Typically, a torque converter's fluid coupling 140 (i.e., impeller 102, turbine 106, and optional stator 110) are used to transfer torque at low engine RPMs, and a torque converter's lockup clutch 108 is used to transfer torque at relatively higher engine RPMs. Although the fluid coupling 140 transfers more and more torque as an engine's RPM increases, the fluid coupling 140 can be relatively inefficient at low to mid engine RPMs. That is, the fluid coupling 140 can allow significant slip between the torque converter's impeller 102 and turbine 106. A vehicle's driver feels this slip as slow engine response, or an inability to pull a heavy load. The torque converter 100 itself feels this slip as lost energy that is converted to heat.

To reduce the slip between a torque converter's impeller 102 and turbine 106 at low to mid engine RPMs (i.e., before the torque converter 100 enters lockup by means of its lockup clutch), the surfaces or linings of the lockup clutch 108 may be spaced close enough that ones of the surfaces rotating with the impeller 102 exert a viscous pull on ones of the surfaces rotating with the turbine 106 when the torque converter 100 is filled with a viscous fluid. Thus, instead of the viscous fluid simply lubricating and cooling the surfaces of the lockup clutch 108, the viscous fluid serves as an element of a viscous coupling 142 between the surfaces of the lockup clutch 108. This causes the slip between the torque converter's impeller 102 and turbine 106 to fall more significantly with increasing engine RPM than if the torque converter 100 was provided with a fluid coupling 140 alone.

The average spacing that is needed between the surfaces of a lockup clutch 108 to achieve a viscous coupling 142 can vary, depending on the application. For example, for a 2005 Dodge Cummins using factory-recommended transmission fluid, an average clutch surface spacing of about 20/1000 inch is believed sufficient and useful.

As previously indicated, when the impeller directs fluid toward the turbine 106, the turbine 106 moves toward the cover 104, and a fluid pressure between the turbine 106 and the piston 116 gradually increases with increasing engine RPM. As the pressure against the piston 116 increases, the piston 116, rings 120, 122, 124, 126 and cover 104 are compressed toward one another. This, in turn, decreases the average spacing of the rings 120, 122, 124, 126 and further enhances the effectiveness of the viscous coupling 142.

As the average spacing between the surfaces of a lockup clutch 108 is decreased, the molecular viscosity of a torque converter's viscous fluid, in combination with the relative but different velocities at which facing ones of the clutch-pack's surfaces rotate, causes a measurable (and then increasing) shear force in the viscous fluid. However, in a torque converter 100 such as that which is shown in FIGS. 1-3, it is not only “molecular viscosity” (i.e., the viscosity of the viscous fluid) that causes an increase in the shear force of the viscous fluid, but rather a combination of molecular viscosity and “eddy viscosity” (i.e., a dynamic viscosity that is based on the properties of a fluid flow, and not just a fluid's molecular viscosity alone).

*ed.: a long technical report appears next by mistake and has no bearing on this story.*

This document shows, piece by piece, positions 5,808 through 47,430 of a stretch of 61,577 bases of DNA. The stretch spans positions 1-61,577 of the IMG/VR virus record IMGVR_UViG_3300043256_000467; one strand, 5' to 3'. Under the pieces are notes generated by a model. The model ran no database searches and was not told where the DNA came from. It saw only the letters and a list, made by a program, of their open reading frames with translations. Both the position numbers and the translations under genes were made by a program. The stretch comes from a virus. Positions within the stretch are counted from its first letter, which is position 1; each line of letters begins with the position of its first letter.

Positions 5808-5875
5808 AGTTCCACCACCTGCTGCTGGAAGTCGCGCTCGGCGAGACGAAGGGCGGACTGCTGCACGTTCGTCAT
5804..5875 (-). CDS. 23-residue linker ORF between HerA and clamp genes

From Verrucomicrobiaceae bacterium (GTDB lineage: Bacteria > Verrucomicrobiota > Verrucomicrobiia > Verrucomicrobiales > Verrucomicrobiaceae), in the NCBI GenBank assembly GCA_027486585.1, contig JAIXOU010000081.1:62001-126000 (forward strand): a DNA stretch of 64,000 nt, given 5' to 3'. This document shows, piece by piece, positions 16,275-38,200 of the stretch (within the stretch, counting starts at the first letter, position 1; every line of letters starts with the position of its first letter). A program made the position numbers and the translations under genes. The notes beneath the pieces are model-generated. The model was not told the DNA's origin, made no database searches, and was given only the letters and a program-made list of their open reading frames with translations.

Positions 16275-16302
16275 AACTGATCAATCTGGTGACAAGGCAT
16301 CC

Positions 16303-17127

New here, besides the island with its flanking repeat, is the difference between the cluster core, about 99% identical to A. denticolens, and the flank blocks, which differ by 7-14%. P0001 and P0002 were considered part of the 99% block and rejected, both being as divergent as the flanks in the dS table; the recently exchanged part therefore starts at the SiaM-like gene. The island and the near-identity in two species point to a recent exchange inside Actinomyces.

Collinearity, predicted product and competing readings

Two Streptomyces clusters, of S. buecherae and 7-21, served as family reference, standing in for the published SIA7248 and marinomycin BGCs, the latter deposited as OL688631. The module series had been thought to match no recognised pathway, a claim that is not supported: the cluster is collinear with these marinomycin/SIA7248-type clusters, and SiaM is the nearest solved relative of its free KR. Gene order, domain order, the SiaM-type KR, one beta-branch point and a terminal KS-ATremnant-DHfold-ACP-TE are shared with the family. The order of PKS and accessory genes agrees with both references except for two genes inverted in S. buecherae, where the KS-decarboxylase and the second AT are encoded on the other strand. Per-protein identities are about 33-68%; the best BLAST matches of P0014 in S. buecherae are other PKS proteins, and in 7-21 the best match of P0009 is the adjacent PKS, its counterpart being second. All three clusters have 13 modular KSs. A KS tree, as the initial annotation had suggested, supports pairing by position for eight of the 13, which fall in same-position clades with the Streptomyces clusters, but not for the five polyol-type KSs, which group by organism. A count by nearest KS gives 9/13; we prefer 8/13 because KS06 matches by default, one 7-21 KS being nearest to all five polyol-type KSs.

Although an eddy viscosity is difficult to mathematically model, and can sometimes only be perceived as a result of measuring its ultimate effects, the manner in which an eddy viscosity increases the shear force of the viscous fluid in the torque converter 100 can be conceptually modeled as shown in FIGS. 13-16. It is noted that FIGS. 14-16 each show generalized and different exploded views of the clutch-pack rings 120, 122, 124, 126 shown in FIG. 13.

FIG. 13 illustrates a fluid pumping path 1300 a-f (referred to collectively as path 1300) through the torque converter 100 when the torque converter 100 is not in “lockup”. The fluid pumping path 1300 is defined by a fluid receiving portion 1302 and a fluid return portion 1304 of the torque converter 100. As shown in FIG. 13, fluid from a vehicle's transmission is pumped through a transmission input shaft 1306, into the fluid receiving portion 1302 of the torque converter 100. By way of example, and preferably, the fluid receiving portion 1302 of the torque converter 100 is positioned interior to the rings 120, 122, 124, 126 of the torque converter's clutch-pack 118. From here, the fluid pumping path 1300 may traverse a path 1300 a, 1300 b extending between the rings of the clutch-pack 118, and eventually to the exterior of the clutch-pack rings 118. The fluid pumping path may then traverse a path 1300 c from the exterior of the rings to the fluid coupling 140 (e.g., following a path 1300 c that extends toward the impeller 102). Within the fluid coupling 140, the impeller 102 may redirect the fluid pumping path by pumping fluid (1300 d) toward the turbine 106. The turbine 106 may then redirect the fluid pumping path again, by redirecting fluid (1300 e) through the stator 110. Although fluid may circulate between the impeller 102 and the turbine 106 for some period of time, it is eventually expelled (1300 f) from the torque converter 100 via the fluid return portion 1304 of the torque converter 100, which may be located at the hub 1308 (e.g., via a gap between the input shaft 1306 and the hub 1308). In this manner, the same viscous fluid traverses a fluid pumping path 1300 through both 1) the torque converter's viscous coupling 142, and 2) the torque converter's fluid coupling 140.